North African Carrot "Compote"

1 pound carrots, peeled and thickly sliced
1 large russet potato (about 1/2 pound), peeled and diced
1-2 garlic cloves, peeled and minced
2 Tbsp. plus 1 tsp. fresh lemon juice
2 Tbsp. plus 1 tsp. extra virgin olive oil
1 tsp. freshly ground caraway seeds
3/4 tsp. freshly ground coriander seeds
1/2 tsp. Harissa*
salt to taste
imported black olives
Romaine lettuce leaves
flat bread

Steam the carrots and potato until very soft, about 15-20 minutes. Place in a food processor or put through a ricer. Add the garlic and process. Stir in 2 Tbsp. of lemon juice and 2 Tbsp. of the olive oil. Add the spices, taste and adjust with salt.

Mound on a platter or in a wide bowl. Mix the remaining lemon and oil together and drizzle over the puree. Decorate with olives, lettuce leaves and serve with warm flat bread. Delicious warm or at room temperature.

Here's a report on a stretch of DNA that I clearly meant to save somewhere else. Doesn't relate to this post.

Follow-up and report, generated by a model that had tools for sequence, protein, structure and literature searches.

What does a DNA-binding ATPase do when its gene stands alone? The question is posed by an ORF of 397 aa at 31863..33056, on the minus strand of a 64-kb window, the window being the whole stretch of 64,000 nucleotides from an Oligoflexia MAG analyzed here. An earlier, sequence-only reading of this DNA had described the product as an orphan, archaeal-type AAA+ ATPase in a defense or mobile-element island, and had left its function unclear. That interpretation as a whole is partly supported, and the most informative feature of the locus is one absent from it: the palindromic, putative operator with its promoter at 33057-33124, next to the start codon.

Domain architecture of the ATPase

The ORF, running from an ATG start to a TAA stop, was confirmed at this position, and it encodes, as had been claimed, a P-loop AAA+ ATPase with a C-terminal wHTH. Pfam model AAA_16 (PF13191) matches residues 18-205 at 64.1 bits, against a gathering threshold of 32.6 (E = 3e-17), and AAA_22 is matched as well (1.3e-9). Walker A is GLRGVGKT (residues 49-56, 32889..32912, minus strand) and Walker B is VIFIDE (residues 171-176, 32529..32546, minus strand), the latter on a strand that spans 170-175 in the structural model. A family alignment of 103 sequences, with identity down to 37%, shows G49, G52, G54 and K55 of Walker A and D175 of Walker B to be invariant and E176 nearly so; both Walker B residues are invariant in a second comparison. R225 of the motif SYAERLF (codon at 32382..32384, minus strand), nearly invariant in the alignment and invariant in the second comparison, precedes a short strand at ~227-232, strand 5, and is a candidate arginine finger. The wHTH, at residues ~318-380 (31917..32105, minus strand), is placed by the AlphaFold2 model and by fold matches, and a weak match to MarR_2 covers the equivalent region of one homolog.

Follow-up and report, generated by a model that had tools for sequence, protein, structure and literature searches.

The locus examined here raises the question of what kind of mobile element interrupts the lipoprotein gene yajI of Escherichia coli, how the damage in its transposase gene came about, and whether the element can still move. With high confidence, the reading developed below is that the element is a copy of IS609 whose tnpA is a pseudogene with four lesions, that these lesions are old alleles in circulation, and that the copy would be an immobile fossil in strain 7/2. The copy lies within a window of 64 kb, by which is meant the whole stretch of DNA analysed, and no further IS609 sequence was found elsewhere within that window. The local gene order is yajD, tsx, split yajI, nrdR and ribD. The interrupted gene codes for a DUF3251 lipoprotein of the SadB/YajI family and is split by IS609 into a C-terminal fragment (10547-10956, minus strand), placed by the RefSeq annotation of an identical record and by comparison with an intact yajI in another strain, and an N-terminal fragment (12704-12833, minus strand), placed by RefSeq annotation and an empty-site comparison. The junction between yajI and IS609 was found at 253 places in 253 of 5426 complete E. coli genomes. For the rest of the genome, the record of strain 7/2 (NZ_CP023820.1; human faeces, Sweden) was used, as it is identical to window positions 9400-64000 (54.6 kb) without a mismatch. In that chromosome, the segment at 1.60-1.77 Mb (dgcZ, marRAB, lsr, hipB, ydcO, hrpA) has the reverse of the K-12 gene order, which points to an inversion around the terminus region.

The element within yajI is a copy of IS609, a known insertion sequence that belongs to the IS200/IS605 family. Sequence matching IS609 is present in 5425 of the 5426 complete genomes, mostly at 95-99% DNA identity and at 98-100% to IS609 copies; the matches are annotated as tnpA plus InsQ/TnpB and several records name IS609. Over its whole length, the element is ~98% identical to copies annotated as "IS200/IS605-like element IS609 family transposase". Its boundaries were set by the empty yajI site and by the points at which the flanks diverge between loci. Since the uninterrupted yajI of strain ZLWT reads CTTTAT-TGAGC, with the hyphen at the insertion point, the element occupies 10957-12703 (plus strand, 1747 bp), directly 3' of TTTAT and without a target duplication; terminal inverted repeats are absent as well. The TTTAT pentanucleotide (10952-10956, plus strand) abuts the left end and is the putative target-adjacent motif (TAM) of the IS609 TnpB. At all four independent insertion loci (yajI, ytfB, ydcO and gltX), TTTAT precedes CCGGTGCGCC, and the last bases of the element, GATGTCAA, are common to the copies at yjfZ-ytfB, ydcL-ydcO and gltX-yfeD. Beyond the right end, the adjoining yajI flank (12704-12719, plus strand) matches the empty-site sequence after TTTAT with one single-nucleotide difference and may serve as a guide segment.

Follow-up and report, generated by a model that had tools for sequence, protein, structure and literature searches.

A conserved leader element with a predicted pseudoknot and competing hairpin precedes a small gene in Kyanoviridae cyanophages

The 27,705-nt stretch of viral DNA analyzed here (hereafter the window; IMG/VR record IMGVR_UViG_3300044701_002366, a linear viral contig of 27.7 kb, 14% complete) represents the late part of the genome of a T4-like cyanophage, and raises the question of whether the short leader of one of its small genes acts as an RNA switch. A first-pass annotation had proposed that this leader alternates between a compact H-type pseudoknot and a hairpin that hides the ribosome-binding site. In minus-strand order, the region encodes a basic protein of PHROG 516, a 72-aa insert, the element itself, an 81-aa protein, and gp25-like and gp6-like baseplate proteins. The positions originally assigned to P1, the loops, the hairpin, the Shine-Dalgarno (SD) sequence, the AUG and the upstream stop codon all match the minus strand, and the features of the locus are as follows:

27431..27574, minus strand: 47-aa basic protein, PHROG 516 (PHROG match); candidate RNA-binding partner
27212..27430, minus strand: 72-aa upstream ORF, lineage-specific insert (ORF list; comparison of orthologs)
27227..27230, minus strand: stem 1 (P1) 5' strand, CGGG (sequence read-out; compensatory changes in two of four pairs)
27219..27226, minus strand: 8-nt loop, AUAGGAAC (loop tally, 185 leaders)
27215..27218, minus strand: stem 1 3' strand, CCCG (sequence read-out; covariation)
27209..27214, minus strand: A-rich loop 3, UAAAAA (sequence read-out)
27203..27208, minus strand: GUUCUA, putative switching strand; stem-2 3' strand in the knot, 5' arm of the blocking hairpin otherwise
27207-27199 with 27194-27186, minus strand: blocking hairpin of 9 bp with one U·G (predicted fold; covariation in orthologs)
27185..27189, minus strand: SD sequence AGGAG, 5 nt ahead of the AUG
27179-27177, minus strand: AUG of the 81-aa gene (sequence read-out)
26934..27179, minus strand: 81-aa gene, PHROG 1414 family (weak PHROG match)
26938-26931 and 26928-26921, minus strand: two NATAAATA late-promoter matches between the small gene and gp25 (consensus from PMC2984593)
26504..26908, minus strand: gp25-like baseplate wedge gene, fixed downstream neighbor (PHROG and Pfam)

*Harissa is a fiery paste that is added to soups and stews and even in salads for a little kick and is used extensively in Tunisian cuisine. It's made with chiles, garlic, caraway and coriander seeds, salt and olive oil. You can buy a jar of it, ready made, at Crate and Barrel. It lasts a long time in the fridge.

Though I'm not a big fan of cake, I sometimes get a longing for carrot cake. I find it great comfort food; delicious with finely grated carrot and warming spices like cinnamon, nutmeg, and cloves, and a little crunch added by tossing in some walnut pieces. I think these flavors work really well together.
Goopy frosting
I've tried a number of carrot cakes in my time and I must say that most of them are too sweet for me, and are usually heavily laden with goopy frosting, or lack the right amount of spice, or are otherwise boring. I like the right amount of carrots for moistness, a little more spice than most recipes call for, and a less obtrusive frosting. Here's my favorite time-tested recipe.

Christina's Carrot Cake

1 tsp. ground cinnamon
1 tsp. total of either ground mace, or a combo of allspice, nutmeg and cloves